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Long-term follow-up study of chronic deep brain stimulation of the subthalamic nucleus for cervical dystonia.
Neuromodulation. 2010 Jan; 13(1):26-30.N

Abstract

Objectives.

Medically refractory cervical dystonia has recently been treated using deep brain stimulation (DBS), targeting the subthalamic nucleus (STN). There has been limited literature regarding short-term outcomes and no literature regarding long-term outcomes for refractory cervical dystonia following DBS of the STN. Materials and Methods. Two patients with medically refractory cervical dystonia underwent STN DBS. Patients were rated using the Toronto Western Spasmodic Torticollis Rating Scale (TWSTRS) preoperatively and immediately postoperatively as well as just prior to turning on the stimulators and subsequently at 24-48 hours, six months, one, two, and three years after stimulation. Microrecordings were used to identify the STN and substantia nigra reticulata (SNr).

Results.

Significant immediate and sustained long-term improvements were seen in motor, disability, pain, and total TWSTRS scores. In one patient, only unilateral stimulation was required. The STN and SNr were easily identified as having activity similar to off-state Parkinson's patients.

Conclusions.

DBS therapy for cervical dystonia utilizing the STN as the surgical target may be novel and may be an alternative target to the globus pallidus internus as supported by this first long-term outcome report. Further studies need to be performed to confirm these conclusions.

Authors+Show Affiliations

Pinnacle Health System, Harrisburg, PA, USA.No affiliation info available

Pub Type(s)

Journal Article

Language

eng

PubMed ID

21992761

Citation

Pahapill, Peter A., and Barbara O'Connell. "Long-term Follow-up Study of Chronic Deep Brain Stimulation of the Subthalamic Nucleus for Cervical Dystonia." Neuromodulation : Journal of the International Neuromodulation Society, vol. 13, no. 1, 2010, pp. 26-30.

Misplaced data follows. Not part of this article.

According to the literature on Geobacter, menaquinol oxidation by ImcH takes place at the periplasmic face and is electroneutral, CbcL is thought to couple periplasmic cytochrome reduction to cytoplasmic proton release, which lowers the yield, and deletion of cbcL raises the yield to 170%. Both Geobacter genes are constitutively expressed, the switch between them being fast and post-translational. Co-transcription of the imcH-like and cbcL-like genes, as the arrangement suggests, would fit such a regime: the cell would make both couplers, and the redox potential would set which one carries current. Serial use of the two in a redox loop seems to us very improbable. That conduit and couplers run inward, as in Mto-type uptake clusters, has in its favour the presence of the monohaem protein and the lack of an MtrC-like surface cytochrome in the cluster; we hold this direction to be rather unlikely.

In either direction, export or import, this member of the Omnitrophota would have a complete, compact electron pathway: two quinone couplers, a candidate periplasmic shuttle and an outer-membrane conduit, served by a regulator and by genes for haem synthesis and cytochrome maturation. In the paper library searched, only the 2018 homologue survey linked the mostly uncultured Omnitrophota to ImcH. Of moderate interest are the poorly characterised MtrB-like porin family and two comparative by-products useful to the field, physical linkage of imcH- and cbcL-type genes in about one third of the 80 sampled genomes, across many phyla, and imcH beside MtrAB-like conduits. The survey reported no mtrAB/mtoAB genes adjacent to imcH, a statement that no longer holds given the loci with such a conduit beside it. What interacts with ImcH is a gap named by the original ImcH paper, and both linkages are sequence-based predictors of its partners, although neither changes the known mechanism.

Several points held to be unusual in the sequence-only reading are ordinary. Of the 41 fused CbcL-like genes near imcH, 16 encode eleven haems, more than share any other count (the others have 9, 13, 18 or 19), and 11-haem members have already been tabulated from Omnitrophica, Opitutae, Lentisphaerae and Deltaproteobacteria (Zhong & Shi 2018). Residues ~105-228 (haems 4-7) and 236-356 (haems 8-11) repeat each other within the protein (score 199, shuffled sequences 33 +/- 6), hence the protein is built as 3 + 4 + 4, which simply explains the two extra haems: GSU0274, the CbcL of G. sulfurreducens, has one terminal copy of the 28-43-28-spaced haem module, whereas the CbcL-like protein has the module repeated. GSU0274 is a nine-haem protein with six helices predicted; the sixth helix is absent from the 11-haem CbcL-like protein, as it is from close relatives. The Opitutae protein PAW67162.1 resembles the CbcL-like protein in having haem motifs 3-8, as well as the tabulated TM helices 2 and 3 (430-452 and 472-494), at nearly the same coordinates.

Pahapill PA, O'Connell B. Long-term follow-up study of chronic deep brain stimulation of the subthalamic nucleus for cervical dystonia. Neuromodulation. 2010;13(1):26-30.
Pahapill, P. A., & O'Connell, B. (2010). Long-term follow-up study of chronic deep brain stimulation of the subthalamic nucleus for cervical dystonia. Neuromodulation : Journal of the International Neuromodulation Society, 13(1), 26-30. https://doi.org/10.1111/j.1525-1403.2009.00231.x
Pahapill PA, O'Connell B. Long-term Follow-up Study of Chronic Deep Brain Stimulation of the Subthalamic Nucleus for Cervical Dystonia. Neuromodulation. 2010;13(1):26-30. PubMed PMID: 21992761.
* Article titles in AMA citation format should be in sentence-case
TY - JOUR T1 - Long-term follow-up study of chronic deep brain stimulation of the subthalamic nucleus for cervical dystonia. AU - Pahapill,Peter A, AU - O'Connell,Barbara, Y1 - 2009/08/20/ PY - 2011/10/14/entrez PY - 2010/1/1/pubmed PY - 2010/1/1/medline SP - 26 EP - 30 JF - Neuromodulation : journal of the International Neuromodulation Society JO - Neuromodulation VL - 13 IS - 1 N2 - Objectives. Medically refractory cervical dystonia has recently been treated using deep brain stimulation (DBS), targeting the subthalamic nucleus (STN). There has been limited literature regarding short-term outcomes and no literature regarding long-term outcomes for refractory cervical dystonia following DBS of the STN. Materials and Methods. Two patients with medically refractory cervical dystonia underwent STN DBS. Patients were rated using the Toronto Western Spasmodic Torticollis Rating Scale (TWSTRS) preoperatively and immediately postoperatively as well as just prior to turning on the stimulators and subsequently at 24-48 hours, six months, one, two, and three years after stimulation. Microrecordings were used to identify the STN and substantia nigra reticulata (SNr). Results. Significant immediate and sustained long-term improvements were seen in motor, disability, pain, and total TWSTRS scores. In one patient, only unilateral stimulation was required. The STN and SNr were easily identified as having activity similar to off-state Parkinson's patients. Conclusions. DBS therapy for cervical dystonia utilizing the STN as the surgical target may be novel and may be an alternative target to the globus pallidus internus as supported by this first long-term outcome report. Further studies need to be performed to confirm these conclusions. SN - 1525-1403 UR - https://www.unboundmedicine.com/medline/citation/21992761/Long_term_follow_up_study_of_chronic_deep_brain_stimulation_of_the_subthalamic_nucleus_for_cervical_dystonia_ L2 - https://doi.org/10.1111/j.1525-1403.2009.00231.x DB - PRIME DP - Unbound Medicine ER -
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